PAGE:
Wednesday, May 28, 2014

Shooting Glasses. Safe or not? I fear not!

To my distress I've learned that my shooting glasses may not be providing the protection that I thought I was paying for.

Call me ignorant and stupid for assuming, but we're talking shooting glasses that I hope would provide maximum protection, with color of lens a secondary consideration.   I don't want my lens to break under any circumstances.  Frame maybe, lens no!

Very distressed, as I've been hit by pellets and pieces of broken targets, never thinking that my eyesight was in jeopardy.  Skeet shooters are well aware of the hazard of being hit by pellets via ricochet and targets falling from the sky from the adjacent field on a windy day. Have also experienced the same shooting sporting clays.  I've had shells bounce off me from ejected shells from an adjacent shooter when shooting trap.  I've worked around all kinds of clay target machines, never thinking my eyesight was not protected 100%.

Decot Website

General Info - Lenses

Decot makes non-prescription and prescription lenses for Decot Shooting Glasses... as well as for your Post 4, Ranger, Browning, Serengeti, B&L Shooters, and Zeiss Shooting Glasses.

Unless specifically stated or optioned at the time of sale, the lenses will be made of CR39 plastic. Polycarbonate, Trivex and Hi-Index materials are available at additional cost.

A broken lens photo posted to Trapshooters.com

THE POSTING:  Today I was shooting an incoming target at sporting clays when a piece of target hit me in the eye. I was wearing Decot lenses which broke on impact thereby allowing target pieces into my eye. I had no idea that Decot lenses would break from target pieces. I called Decot and they said the lenses are plastic and not polycarbonate and were not surprised at what happened. My question is why would they sell a shooting lens that does not protect your eye from target impact....what would happen if a barrel blew up.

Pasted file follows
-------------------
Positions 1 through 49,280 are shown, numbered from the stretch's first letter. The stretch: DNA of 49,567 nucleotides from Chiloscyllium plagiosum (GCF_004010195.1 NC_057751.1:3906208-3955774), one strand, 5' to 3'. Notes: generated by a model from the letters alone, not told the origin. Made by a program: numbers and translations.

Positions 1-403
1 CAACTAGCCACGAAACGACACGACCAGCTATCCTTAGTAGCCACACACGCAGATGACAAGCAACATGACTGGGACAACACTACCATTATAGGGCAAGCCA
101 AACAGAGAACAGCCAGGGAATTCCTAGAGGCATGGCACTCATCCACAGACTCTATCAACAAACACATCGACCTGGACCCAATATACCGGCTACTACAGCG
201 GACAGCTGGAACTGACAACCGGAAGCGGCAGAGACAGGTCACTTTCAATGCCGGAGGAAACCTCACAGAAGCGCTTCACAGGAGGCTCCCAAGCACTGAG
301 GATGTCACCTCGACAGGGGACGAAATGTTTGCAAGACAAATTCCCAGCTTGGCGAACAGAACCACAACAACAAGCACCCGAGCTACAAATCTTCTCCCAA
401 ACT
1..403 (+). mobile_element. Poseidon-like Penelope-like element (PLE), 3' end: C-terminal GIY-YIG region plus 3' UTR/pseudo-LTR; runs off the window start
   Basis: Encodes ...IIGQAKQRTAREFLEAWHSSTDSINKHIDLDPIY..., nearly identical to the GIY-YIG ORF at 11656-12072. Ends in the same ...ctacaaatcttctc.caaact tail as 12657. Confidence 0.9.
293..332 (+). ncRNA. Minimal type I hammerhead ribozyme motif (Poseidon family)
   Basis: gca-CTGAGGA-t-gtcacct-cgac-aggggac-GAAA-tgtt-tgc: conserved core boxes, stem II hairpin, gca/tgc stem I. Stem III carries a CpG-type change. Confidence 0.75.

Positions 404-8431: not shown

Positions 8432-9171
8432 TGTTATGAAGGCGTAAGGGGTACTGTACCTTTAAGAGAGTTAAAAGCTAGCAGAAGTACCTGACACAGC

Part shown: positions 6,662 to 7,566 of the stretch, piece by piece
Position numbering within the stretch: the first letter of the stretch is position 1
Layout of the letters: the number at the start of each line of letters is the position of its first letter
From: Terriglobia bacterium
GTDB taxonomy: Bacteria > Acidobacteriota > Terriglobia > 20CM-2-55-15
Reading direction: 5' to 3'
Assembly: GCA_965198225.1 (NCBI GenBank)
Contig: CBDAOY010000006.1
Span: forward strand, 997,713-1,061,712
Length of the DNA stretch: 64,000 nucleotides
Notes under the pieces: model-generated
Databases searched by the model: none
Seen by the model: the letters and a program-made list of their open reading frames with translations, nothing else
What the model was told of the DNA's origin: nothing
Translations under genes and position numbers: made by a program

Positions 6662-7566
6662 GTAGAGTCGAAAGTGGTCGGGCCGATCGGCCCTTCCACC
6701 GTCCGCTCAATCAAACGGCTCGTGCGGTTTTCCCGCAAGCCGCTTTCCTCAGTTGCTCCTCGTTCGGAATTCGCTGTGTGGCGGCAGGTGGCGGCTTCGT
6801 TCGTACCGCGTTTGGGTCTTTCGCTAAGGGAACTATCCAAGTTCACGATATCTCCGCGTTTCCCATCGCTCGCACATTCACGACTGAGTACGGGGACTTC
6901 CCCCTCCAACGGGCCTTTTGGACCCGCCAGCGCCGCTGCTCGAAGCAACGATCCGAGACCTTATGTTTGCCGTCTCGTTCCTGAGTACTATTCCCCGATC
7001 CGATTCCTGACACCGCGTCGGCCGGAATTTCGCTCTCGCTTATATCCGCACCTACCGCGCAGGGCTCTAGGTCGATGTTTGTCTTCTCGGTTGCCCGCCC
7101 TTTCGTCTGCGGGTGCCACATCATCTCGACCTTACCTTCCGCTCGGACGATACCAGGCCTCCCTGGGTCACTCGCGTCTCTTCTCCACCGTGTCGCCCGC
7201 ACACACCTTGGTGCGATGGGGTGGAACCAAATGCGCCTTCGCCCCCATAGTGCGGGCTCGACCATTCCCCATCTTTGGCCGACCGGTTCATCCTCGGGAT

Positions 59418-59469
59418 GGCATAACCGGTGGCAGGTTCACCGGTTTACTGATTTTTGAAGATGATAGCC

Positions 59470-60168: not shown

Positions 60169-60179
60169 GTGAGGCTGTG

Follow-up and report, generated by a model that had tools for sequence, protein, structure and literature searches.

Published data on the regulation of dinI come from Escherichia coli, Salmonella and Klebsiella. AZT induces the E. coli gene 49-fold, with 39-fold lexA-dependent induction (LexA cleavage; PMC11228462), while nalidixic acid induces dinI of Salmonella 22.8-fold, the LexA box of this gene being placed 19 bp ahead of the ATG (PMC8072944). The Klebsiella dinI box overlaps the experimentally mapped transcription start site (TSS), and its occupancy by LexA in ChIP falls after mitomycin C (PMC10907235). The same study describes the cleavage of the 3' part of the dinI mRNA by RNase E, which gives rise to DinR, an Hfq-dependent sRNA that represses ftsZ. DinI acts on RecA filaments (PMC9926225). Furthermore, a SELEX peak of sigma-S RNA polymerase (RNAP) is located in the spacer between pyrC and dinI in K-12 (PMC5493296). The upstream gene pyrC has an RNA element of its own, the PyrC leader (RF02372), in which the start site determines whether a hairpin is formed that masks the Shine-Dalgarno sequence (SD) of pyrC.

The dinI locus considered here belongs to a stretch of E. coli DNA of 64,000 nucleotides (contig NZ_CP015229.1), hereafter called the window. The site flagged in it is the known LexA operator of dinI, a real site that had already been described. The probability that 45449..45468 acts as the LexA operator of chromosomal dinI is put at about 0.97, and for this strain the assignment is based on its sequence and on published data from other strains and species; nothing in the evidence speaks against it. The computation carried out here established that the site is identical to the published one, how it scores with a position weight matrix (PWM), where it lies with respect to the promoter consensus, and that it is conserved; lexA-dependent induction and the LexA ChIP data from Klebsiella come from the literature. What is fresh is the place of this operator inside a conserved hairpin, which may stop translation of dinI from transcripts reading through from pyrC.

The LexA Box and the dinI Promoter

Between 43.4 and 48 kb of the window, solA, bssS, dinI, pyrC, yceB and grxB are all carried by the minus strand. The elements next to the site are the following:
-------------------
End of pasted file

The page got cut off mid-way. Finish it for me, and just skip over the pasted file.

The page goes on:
The Manager at Decot was not interested in replacing the lens for anything less than full cost because it was past 60 days....the lens was 5 months old. He wanted me to ship the lens back to him and he would determine if it was defective....in the meantime I'm without shooting glasses.
My reason in writing this thread is to let the other Decot wearers know that these lenses may not provide you the protection you expect.....unless special ordered as Polycarbonate (at additional cost) they are plastic and will break at moderate impact. I have attached a Photo of the lens.
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I've contacted Decot and asked if the posting was true, as I fear it is, via reading what is posted to there site in regard to CR39 plastic!

What of the lenses they are making for other companies?

Am I having a senior moment or do we have an issue here?
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UPDATE

Received a telephone call from Decot.

The CR39 plastic if I heard correctly is an industry standard, used for many years without issue.  They hear from many shooters telling them how the lenses have saved there eyes.  No, the glasses are not shatter proof.

Those ordering Rx Bifocal don't have the option of using the high end lens material. They are just starting to get in high end product that can be used (limited lens color).  You do have the option of having a full bifocal with the various color options, but not the finger print size they offer. 

In any case, you need to call them direct and see what will work best for you if you require a Rx Bifocal (my words, not Decot), especially if you desire a high end material and not CR39 plastic.

1 comment:

  1. You have opened my eyes. I always wear shooting glasses in MA Firearms School when I do target practicing there. Now you made me doubt about the safety I'm getting from shooting glasses. Thank you Joe for this article. Keep writing good stuffs.

    Regards,
    Jacky

    ReplyDelete